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  • noun A philosophy that does not accept moral principles


Sorry, no etymologies found.


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  • Here is an "immoralism" deeper and far more anti-social than any

    Suspended Judgments Essays on Books and Sensations John Cowper Powys 1917

  • It may be true that he did not intend his "immoralism" to be read literally as a guide to conduct -- it may be true that, in some of his most characteristic passages, he knew himself to be talking reckless and dangerous nonsense (that was his way of "living dangerously") -- but can we reasonably suppose that soldiers in a

    Gems (?) of German Thought William Archer 1890

  • "immoralism" in general and his "hardness" in particular are but new and finer manifestations of those faded virtues he was really seeking to revive.

    The Task of Social Hygiene Havelock Ellis 1899

  • Either way, they are quite impervious to any evidence against their cherished belief-system (or self-interested immoralism), however conclusive.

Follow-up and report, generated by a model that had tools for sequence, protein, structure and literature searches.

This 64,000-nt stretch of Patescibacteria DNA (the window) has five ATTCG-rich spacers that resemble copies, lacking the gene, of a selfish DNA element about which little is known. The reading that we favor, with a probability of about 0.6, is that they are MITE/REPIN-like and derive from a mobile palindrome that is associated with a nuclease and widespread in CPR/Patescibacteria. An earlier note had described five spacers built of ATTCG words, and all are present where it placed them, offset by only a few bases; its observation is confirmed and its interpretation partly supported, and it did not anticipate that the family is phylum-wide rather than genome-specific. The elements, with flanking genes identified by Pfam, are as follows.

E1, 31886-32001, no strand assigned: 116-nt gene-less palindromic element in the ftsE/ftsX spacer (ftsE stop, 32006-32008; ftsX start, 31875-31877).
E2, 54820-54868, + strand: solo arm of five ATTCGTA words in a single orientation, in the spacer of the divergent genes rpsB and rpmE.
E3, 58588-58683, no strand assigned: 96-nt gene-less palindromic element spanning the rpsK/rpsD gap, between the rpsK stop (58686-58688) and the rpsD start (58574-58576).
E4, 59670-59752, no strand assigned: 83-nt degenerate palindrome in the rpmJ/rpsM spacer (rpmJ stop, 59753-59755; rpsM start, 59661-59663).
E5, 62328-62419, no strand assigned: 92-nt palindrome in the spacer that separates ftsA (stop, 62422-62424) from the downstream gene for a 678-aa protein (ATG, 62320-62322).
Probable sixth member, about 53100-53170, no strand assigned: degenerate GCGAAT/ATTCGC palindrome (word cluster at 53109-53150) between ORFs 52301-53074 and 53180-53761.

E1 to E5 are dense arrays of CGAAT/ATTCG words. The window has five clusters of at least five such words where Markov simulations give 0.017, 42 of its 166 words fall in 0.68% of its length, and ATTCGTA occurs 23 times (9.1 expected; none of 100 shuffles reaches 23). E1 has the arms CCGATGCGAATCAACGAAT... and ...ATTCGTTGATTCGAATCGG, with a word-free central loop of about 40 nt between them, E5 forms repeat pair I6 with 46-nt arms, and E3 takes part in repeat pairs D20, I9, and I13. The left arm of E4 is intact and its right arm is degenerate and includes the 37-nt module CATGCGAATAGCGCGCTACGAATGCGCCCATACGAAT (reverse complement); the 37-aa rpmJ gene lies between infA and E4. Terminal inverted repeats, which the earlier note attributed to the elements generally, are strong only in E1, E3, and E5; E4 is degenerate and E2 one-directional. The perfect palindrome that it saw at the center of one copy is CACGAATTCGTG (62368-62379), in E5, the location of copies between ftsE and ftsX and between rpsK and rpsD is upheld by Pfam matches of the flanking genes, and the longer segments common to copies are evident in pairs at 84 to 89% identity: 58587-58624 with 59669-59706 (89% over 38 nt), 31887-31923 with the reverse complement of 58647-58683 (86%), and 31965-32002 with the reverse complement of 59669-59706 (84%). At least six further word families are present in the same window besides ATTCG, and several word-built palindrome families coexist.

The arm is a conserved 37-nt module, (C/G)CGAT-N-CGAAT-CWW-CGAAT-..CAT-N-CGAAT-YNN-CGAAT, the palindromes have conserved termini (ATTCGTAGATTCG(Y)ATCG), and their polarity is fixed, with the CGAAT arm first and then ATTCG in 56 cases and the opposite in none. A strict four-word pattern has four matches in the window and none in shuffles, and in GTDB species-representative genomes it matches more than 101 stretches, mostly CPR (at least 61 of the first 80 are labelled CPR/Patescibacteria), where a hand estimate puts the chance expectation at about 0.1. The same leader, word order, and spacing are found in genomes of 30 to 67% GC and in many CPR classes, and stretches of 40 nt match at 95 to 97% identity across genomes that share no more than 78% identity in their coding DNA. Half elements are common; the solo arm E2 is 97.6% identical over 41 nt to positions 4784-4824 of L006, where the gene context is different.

On Thursday, the Legg report will be published along with... 2009

  • In direct contrast, some of Machiavelli's readers have found no taint of immoralism in his thought whatsoever.

    Niccolò Machiavelli Nederman, Cary 2009

  • You would surmise that his character had been corroded by shock jocks and raunch culture and that he'd entered a nihilistic moral universe where young men entertain each other with bravura displays of immoralism.

    Opinions are like apples ... Lisa B. 2006

  • On the other hand, one finds in André Gide still stronger manifestations of that famous «immoralism» - a conception which his adversaries have often misinterpreted.

    Nobel Prize in Literature 1947 - Presentation Speech 1947

  • How strained and inhuman, too; and one might add, how mad and irrelevant -- that high, cold, disdainful translunar scorn with which the "moral-immoralism" of Nietzsche scourges our poor flesh and blood.

    Visions and Revisions A Book of Literary Devotions John Cowper Powys 1917

  • The wonder turns to mere mysticism; and mere mysticism always turns to mere immoralism.

    The Crimes of England 1905

  • Castlereagh was the corrupt gentleman at the Court, Fitzgerald the generous gentleman upon the land; some portion of whose blood, along with some portion of his spirit, descended to that great gentleman, who -- in the midst of the emetic immoralism of our modern politics -- gave back that land to the Irish peasantry.

    The Crimes of England 1905


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